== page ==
• They’re thinner and have bigger holes than the NYC kind.

Bagels Amazon Explore01Amelia Mularz for Taste of Home

Soon enough we’ve created dough. Erin asks about the consistency of my bready blob, and this is where a two-way camera might come in handy. But after comparing what she holds up to the camera to what’s in my bowl, I determine I’m in a good place.

Bagels Amazon Explore 02Amelia Mularz for Taste of Home

We’ve only got about 10 minutes left of our hour-long class and my dough needs time to proof (or rise) before I can begin shaping the rings. Erin explains that she has a pre-made batch of dough ready to go, so she’ll show me how to finish the bagels later on when I’m ready. I sit back and watch as she effortlessly forms rings that she then places on her wrists and circles like a rhythmic gymnast to create large center holes. She then boils the rings in honey-sweetened water before covering them in sesame seeds and baking them in the oven. “Voila!” she says. “Bagel magic.” I thank her for the class and we say our goodbyes.

Bagels Amazon Explore03Amelia Mularz for Taste of Home

A couple hours later, I pull out my dough and feel a minor pang of missing Erin, but tell myself, I can do this. My ring making is notably less rhythmic and when I drop a pair into the boiling water they open up and writhe like angry tentacles. “ERIN!” I screech.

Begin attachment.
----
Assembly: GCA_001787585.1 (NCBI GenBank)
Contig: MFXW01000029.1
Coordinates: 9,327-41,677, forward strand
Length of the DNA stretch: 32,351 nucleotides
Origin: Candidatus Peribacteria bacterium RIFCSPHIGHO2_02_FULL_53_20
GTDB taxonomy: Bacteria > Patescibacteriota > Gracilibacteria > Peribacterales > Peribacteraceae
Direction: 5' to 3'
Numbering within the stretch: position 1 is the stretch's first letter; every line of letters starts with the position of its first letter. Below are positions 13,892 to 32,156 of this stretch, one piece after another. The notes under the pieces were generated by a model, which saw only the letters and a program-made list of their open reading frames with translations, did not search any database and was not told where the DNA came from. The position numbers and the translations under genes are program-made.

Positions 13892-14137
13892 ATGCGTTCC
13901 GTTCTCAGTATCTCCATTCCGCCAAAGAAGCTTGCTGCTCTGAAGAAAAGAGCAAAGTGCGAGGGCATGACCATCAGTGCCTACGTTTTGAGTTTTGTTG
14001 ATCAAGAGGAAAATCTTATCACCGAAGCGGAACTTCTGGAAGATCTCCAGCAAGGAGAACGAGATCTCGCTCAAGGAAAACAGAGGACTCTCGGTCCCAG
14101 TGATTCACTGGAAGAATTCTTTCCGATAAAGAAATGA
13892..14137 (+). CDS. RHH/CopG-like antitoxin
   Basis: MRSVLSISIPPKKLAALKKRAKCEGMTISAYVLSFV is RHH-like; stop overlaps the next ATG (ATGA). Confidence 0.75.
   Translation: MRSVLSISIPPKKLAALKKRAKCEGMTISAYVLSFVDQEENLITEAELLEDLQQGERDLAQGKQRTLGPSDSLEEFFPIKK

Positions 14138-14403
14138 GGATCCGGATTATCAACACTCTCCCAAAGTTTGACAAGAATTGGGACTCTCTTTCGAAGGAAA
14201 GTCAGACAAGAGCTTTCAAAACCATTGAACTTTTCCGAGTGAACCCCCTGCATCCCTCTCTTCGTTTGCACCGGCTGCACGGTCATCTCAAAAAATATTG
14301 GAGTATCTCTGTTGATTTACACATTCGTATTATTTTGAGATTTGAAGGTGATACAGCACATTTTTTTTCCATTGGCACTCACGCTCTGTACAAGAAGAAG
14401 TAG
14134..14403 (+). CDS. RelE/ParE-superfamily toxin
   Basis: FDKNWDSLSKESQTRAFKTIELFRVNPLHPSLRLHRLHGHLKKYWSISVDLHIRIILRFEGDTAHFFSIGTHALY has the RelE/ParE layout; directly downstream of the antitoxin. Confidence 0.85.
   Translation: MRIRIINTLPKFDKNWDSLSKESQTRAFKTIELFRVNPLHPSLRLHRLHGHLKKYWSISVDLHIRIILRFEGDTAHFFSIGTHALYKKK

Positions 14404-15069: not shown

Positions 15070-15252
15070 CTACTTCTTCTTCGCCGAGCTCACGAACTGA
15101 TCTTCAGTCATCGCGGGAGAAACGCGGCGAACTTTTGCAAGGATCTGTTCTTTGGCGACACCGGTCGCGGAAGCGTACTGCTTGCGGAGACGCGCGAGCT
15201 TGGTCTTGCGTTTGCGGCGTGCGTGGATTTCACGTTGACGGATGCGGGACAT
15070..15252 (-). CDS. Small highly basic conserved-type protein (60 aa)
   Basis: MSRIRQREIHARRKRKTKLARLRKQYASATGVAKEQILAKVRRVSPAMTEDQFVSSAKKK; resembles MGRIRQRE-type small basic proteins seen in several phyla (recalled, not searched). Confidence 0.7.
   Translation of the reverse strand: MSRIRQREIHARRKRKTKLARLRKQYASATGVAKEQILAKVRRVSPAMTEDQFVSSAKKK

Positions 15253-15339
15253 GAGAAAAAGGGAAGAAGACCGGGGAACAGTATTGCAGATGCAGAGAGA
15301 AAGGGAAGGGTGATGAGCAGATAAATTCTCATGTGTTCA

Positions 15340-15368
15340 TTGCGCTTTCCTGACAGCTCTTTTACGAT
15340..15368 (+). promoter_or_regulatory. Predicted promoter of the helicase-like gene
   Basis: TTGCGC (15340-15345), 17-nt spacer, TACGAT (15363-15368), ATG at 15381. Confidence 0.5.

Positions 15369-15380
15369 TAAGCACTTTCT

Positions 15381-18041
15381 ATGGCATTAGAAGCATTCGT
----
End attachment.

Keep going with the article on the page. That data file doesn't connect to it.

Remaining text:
My husband pops his head in and asks, “Who’s Erin?”

“Never mind!” I shout and shoo him away. He’s playing some apocalyptic alien video game in the living room, yet there’s more agonized yelling coming from the kitchen than the TV.

The photos! YES! I remember, as I run to my laptop. Amazon Explore’s platform includes built-in photo-snapping capabilities. At any time during class, you can click a camera icon and take a screenshot. The service then sends you all your photos after the lesson. I review the snaps I took of Erin forming her rings and this fills me with confidence.

Bagels 3Amelia Mularz for Taste of Home

Eventually, I get my rings to re-form and lay them on a plate to cover with seeds. Here’s where I’m thankful I’m on my own with no camera to catch my cooking. I’m about to commit the cardinal sin of Canadian bagel making: I blanket my creations in everything bagel seasoning. Sorry, Erin, I think as I chuckle devilishly to myself. I gotta do this my way.

The Final Verdict

Fifteen minutes later, I’m pulling warm bagels from the oven, wishing I could proudly show Erin my finished product. Instead, I plot my next class. Should I hang with pasta pros from Tuscany? Or meet a salsa savant in Mexico City? As I’ve discovered, the real treat of Amazon Explore isn’t the food you make, but the foodies you meet in the process.

Try Amazon Explore

Want to give Amazon Explore a go? Eligible Prime members can try their first live virtual experience up to $50 for free! Prime members can check out the promotion to browse experiences and learn more.

How to redeem your Prime free experience*:

Try Amazon Explore

*The promotion code can only be used once by Prime members who have not yet purchased an Amazon Explore experience and only on experiences under $50.

Popular Videos

Amelia Mularz
Amelia is a writer who covers both food and travel. Her favorite pilgrimages include Mexico City for the mole, Tel Aviv for the hummus and Wisconsin for the curds. She lives in Los Angeles, where she can be found forever exploring the city's street taco scene.